this "law" (if it is) could prevent people from taking a picture almost anywhere in a city... so stupid if true.

It was enacted when the building in question is the central motif and the picture is used to make a profit. This does not apply to photographs of cityscapes or tourist photos.
Similarly it is forbidden to tape a concert (or make a re-recording of a bought music CD) and sell it. Same thing, really.

Kinedryl
1 / 5 (1) Mar 05, 2012
ANYONE walking or driving by could have seen him, because he made no effort to obscure himself from the view of other people on public property

You still shouldn't make pictures of people at public areas without their permission. Being more specific, the law in our country says something like this: "The pictures and records involving the physical persons or their behaviour of PERSONAL nature may be acquired or used only with permission given."

So, If I would take a picture of peeing you at public place, I could be accused from interfering of your private freedom.
Deathclock
1 / 5 (1) Mar 05, 2012
ANYONE walking or driving by could have seen him, because he made no effort to obscure himself from the view of other people on public property

You still shouldn't make pictures of people at public areas without their permission. Being more specific, the law in our country says something like this: "The pictures and records involving the physical persons or their behaviour of PERSONAL nature may be acquired or used only with permission given."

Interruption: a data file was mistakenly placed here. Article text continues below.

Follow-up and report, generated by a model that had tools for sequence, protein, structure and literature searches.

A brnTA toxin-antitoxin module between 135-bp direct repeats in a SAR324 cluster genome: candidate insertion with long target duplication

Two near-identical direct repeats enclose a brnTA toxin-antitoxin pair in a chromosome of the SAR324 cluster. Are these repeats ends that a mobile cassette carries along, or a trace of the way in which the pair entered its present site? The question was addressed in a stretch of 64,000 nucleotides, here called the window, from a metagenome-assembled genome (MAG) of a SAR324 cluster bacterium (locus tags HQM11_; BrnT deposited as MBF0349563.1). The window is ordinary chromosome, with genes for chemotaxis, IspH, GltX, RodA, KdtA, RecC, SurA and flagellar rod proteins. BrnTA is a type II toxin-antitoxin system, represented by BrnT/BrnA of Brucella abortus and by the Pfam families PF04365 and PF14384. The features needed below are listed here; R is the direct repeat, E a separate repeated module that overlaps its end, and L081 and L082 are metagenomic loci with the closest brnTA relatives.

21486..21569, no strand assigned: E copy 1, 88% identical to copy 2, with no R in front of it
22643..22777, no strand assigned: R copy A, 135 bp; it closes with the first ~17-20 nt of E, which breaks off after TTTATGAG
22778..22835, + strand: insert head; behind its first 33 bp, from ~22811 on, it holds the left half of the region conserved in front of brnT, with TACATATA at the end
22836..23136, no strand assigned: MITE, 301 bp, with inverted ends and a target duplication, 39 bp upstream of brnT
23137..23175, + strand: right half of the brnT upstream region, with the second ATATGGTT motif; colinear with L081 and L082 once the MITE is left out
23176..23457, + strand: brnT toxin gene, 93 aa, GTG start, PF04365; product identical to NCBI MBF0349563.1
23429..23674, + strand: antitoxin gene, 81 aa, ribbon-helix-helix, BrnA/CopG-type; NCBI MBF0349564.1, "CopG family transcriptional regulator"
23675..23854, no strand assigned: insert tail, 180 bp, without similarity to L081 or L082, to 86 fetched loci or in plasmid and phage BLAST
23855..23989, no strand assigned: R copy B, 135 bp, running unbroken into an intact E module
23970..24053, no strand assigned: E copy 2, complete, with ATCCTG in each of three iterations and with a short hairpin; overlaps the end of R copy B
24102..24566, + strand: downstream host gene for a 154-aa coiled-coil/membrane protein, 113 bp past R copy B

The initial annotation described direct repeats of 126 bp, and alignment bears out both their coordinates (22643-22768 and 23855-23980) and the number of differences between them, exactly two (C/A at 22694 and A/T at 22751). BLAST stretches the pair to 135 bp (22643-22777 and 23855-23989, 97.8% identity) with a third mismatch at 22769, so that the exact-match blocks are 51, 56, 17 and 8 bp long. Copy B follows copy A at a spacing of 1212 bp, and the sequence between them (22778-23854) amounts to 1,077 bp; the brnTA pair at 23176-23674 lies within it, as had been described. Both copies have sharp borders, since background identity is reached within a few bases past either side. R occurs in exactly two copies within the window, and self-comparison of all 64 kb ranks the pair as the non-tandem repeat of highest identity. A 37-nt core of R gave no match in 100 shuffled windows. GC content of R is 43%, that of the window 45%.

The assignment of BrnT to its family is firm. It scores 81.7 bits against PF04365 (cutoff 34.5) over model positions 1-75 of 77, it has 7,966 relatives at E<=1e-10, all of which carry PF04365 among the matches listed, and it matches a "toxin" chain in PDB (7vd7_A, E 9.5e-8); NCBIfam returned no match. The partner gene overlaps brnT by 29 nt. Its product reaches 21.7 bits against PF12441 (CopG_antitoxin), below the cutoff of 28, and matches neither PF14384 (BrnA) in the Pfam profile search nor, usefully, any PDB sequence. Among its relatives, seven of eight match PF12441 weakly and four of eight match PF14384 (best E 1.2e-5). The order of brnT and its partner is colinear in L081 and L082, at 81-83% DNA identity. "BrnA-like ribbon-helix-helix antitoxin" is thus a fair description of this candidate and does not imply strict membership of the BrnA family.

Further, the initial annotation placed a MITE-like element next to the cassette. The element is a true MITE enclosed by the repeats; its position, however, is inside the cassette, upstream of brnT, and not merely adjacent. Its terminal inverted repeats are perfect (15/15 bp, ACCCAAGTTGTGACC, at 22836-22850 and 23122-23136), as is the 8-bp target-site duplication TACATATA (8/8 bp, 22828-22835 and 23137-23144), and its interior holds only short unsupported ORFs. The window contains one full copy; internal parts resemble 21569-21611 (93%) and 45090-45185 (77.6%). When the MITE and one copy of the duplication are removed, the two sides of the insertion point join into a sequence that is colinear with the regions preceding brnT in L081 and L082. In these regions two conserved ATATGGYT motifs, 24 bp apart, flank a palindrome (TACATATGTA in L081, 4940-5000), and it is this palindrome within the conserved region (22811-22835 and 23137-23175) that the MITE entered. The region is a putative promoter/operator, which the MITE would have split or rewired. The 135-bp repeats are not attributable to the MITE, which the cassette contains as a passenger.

So, If I would take a picture of peeing you at public place, I could be accused from interfering of your private freedom.


If that's the law (I'm not saying it's not, I'm saying I'm too lazy to look it up) it's stupid. I'm pretty sure urinating in public is also illegal, as is exposing yourself in public... I could claim I took the photo to document illegal activity to be included in a police report that I was going to file...
Deathclock
1 / 5 (1) Mar 05, 2012
Also, I'm pretty sure you cannot walk around nude in your front yard that is visible from the street, you would be arrested for indecent exposure, even if on your own property and especially in a neighborhood with tightly spaced houses and small front yards or if there is a park across the street or something... you can't get away with anything just because you're on your property.
antialias_physorg
not rated yet Mar 05, 2012
you can't get away with anything just because you're on your property.

No doubt. But you can't get away with everything TO someone on private property while you're standing on public property, either.

There are different interests involved, and I think Google overstepped those bounds when they launched street-view.

Kinedryl
not rated yet Mar 05, 2012
I'm pretty sure urinating in public is also illegal, as is exposing yourself in public
In my country the peeing outside of public parks and streets is essentially free of charge, until you don't expose yourself (which is essentially possible only for men). In some islamic countries like the Malaysia even the unexposed peeing is explicitly prohibited, at the case of peeing in Mecca direction even inside of private buildings - so you should always judge your wet intentions with caution.